# Hydroprocessing Unit material and energy Balance

• Engineering
Homework Statement
The vacuum residue fraction from an Albertan bitumen is hydroprocessed using an ebullated bed technology. The vacuum residue fraction has a density of 1030 kg/m3. The catalyst is a commercial sulfided CoMo/Al2O3 catalyst. The unit is operated at a constant reactor temperature of 428 °C and a total pressure of 10 MPa absolute. The H2-to-feed ratio is maintained at 1000 normal m3/m3 residue feed. The H2 consumption is 1.27 wt% of the residue feed and the average heat of reaction for hydrotreating and cracking expressed in terms of the H2 consumption is 62kJ/mol H2 consumed.

1.1) What is the H2 consumption by reaction in normal m3/m3 residue feed? (Normal conditions:273.15 K, 101.325 kPa).

1.2) Some gaseous products are produced during residue hydroconversion that cannot completely be removed as either liquid phase products, or through scrubbing, i.e. they end up in the H2recycle. For the process considered, these products are methane 1.2 wt%, ethane 0.3 wt%, H2S0.6 wt%, and CO2 0.1 wt% (wt% of the residue feed). If the H2 partial pressure in the H2 recyclemust be at least 8 MPa, what is the purge rate in normal m3/m3 residue feed? (Hint: Non-H2gases in the recycle must be purged at the rate of their formation).

1.3) What is the fresh feed rate of pure H2 in normal m3/m3 residue feed?

1.4) What must the preheater outlet temperature be for the combined feed, i.e. H2 and residue feed? Assume that the average heat capacity for all of the material in the reactor is 2.6 kJ/kg·K at the operating conditions. Consider this question independently of your answers to questions 1.2 and 1.3 and make the following assumption: assume that the ratio of non-H2 gases to H2 in the combined fresh plus recycled H2 feed is 1:6 molar ratio. (Hint: The ebullated bed reactor behaves like an adiabatic continuous stirred tank reactor and the reactions taking place during hydroprocessing are exothermic).
Relevant Equations
Material balance
Ideal gas Law
Energy Balance
1.1) 1 m3 of residue feed has a mass of 1030 kg.
Mass of H2 consumed=(1.27 kg of H2 consumed/100 kg of residue feed)*1030 kg of residue feed=13.081 kg
We can treat H2 as an ideal gas to calculate its volume at normal conditions
101325*V=(13.081/2.016)*1000*8.3145*273.15
V=145.436 m3 normal/m3 residue feed

1.2) To calculate the H2 mass in feed I used the ideal gas
1000*101325=n*8.3145*273.15
n=44614.8 mol H2 =44.6148 kmol
Mass of H2 in feed=44.6148*2.016=89.9434 kg
Mass of Unconverted H2=Mass of H2 in feed-Mass of H2 consumed=89.9434-13.081=76.8624 kg H2

 Component in product stream wt% of residue feed m(kg) n (kmol) y (mole fraction) CH4 1.2 12.36 0.7705 0.0006 C2H6 0.3 3.09 0.1027 0.0046 H2S 0.6 6.18 0.1813 0.0026 CO2 0.1 1.03 0.02340 0.0197 H2 7.4624 76.8624 38.1262 0.9725

We split the product stream into a low pressure purge stream and low pressure recycle stream to avoid the build up of non-condensables that decrease the partial pressure of H2. The composition of all three streams are the same. Given that the partial pressure of H2 in the recycle stream must be 8 MPa I am not sure how this information is enough to compute the purge rate

Last edited:
DeBangis21
Can you please provide a flow diagram?

You chose as a basis for the calculation 1030 kg residual feed, and you calculated a H2 consumption of 6.49 moles. If the H2 to residue feed ratio is 1000 m^3/m^3, that is a mole ratio of 1000. These two results don't seem consistent to me. What am I missing?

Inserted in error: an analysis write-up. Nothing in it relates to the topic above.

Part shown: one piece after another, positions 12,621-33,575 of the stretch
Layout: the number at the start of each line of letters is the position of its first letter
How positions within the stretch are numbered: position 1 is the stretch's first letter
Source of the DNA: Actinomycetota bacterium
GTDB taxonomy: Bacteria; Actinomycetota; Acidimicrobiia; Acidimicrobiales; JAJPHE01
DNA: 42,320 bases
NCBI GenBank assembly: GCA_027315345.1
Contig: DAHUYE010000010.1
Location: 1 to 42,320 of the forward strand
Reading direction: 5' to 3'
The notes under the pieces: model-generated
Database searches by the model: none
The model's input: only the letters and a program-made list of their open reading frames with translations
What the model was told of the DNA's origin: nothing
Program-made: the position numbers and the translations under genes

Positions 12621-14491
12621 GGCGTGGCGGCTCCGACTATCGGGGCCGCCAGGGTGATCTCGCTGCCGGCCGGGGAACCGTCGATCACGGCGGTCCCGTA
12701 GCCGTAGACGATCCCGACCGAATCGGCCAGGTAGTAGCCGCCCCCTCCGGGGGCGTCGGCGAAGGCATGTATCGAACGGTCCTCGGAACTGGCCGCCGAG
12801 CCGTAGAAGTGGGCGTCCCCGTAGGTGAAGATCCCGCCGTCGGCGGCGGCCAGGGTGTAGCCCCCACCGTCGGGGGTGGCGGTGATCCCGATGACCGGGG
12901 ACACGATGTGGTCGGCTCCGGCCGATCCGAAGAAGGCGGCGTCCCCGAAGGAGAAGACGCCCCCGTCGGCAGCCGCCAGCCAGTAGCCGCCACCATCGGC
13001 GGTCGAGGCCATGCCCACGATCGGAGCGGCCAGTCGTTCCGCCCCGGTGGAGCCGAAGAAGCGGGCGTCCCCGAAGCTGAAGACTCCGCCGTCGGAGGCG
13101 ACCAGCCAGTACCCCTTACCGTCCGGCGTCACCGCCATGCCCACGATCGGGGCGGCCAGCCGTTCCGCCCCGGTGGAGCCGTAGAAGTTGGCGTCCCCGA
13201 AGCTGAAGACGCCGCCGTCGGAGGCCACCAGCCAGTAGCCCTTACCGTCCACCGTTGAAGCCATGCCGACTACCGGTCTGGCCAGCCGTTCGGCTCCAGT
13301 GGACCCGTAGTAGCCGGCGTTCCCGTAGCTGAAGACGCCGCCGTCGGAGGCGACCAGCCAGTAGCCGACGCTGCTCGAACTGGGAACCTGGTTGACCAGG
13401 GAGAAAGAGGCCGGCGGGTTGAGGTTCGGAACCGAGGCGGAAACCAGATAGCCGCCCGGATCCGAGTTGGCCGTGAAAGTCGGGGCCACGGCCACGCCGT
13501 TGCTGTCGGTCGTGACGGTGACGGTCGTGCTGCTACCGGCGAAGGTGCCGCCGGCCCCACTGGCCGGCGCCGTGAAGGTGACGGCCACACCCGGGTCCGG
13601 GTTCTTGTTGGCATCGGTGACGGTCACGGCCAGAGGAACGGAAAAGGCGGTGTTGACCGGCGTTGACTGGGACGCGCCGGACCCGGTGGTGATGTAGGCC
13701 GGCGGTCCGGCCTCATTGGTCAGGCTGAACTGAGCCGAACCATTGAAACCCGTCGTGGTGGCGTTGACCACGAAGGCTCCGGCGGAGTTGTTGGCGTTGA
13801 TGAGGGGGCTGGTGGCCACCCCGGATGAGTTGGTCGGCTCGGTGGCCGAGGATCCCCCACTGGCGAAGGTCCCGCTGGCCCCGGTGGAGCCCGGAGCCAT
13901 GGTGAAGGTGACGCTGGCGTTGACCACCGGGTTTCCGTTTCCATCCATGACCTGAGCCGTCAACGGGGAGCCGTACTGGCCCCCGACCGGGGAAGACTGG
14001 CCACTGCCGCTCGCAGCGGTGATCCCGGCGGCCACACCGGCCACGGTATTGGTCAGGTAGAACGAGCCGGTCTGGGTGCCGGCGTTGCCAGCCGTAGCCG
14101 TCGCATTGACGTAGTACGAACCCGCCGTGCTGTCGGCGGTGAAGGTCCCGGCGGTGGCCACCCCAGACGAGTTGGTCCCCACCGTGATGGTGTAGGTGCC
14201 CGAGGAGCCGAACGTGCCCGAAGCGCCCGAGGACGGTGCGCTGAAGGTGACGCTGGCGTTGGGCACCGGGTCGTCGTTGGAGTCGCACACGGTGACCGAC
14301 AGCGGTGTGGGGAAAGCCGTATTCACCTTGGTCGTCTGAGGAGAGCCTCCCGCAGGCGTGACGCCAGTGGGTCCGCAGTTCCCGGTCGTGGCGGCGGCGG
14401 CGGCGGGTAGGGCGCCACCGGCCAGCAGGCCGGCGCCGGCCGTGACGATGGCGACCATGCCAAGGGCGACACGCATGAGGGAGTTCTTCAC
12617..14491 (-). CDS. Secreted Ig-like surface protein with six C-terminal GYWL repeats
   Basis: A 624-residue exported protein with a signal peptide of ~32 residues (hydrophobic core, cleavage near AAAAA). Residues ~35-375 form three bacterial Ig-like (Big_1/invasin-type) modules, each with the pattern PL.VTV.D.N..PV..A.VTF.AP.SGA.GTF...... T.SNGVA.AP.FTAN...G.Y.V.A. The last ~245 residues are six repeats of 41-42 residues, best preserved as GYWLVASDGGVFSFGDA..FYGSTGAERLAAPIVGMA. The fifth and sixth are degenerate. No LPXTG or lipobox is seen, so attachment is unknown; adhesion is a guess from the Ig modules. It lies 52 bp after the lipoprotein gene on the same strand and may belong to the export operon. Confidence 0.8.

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Unfortunately, no flow diagram is provided in the problem. I would imagine a simplified diagram of the process to look like the image below. I used 1030 kg as the basis because the questions are asking for the purge and fresh rates per m³ of residue feed, which is equivalent to 1030 kg. However, I am not sure how the volume of 1000 m3 H₂ in normal conditions per m³ of residue feed corresponds to a mole ratio of 1000. The molecular mass of the residue feed to be processed is not given to determine the mole ratio.

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Maybe that mole ratio is in the feed to the reactor

How can I deduce that from the problem givens? I think the 1000 m³ of H₂/m³ of residue feed is referring to the rate of the feed to the ebullated reactor. This was the solution posted for the problem. However, I am not sure how the mole fraction of H₂ in the recycle stream is 0.8 when the composition at the splitting point for the three streams (product stream, recycle stream and purge stream) have to be equal to what’s in the table.

How can I deduce that from the problem givens? I think the 1000 m³ of H₂/m³ of residue feed is referring to the rate of the feed to the ebullated reactor. This was the solution posted for the problem. However, I am not sure how the mole fraction of H₂ in the recycle stream is 0.8 when the composition at the splitting point for the three streams (product stream, recycle stream and purge stream) have to be equal to what’s in the table.

View attachment 343641
The composition of the recycle steam is exactly the same as the purgee stream. If the partial pressure of H2 is 8 MPa and the total pressure in the system is 10 MPa, the mole fraction of H2 is 0.8.

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I'm finally understanding the problem statement better. The basis of the calculation is 1 m^3 of residue stream. Ir seems to me everything you've shown in the calculations so far makes sense.

DeBangis21
Chestermiller said:
The composition of the recycle steam is exactly the same as the purgee stream. If the partial pressure of H2 is 8 MPa and the total pressure in the system is 10 MPa, the mole fraction of H2 is 0.8.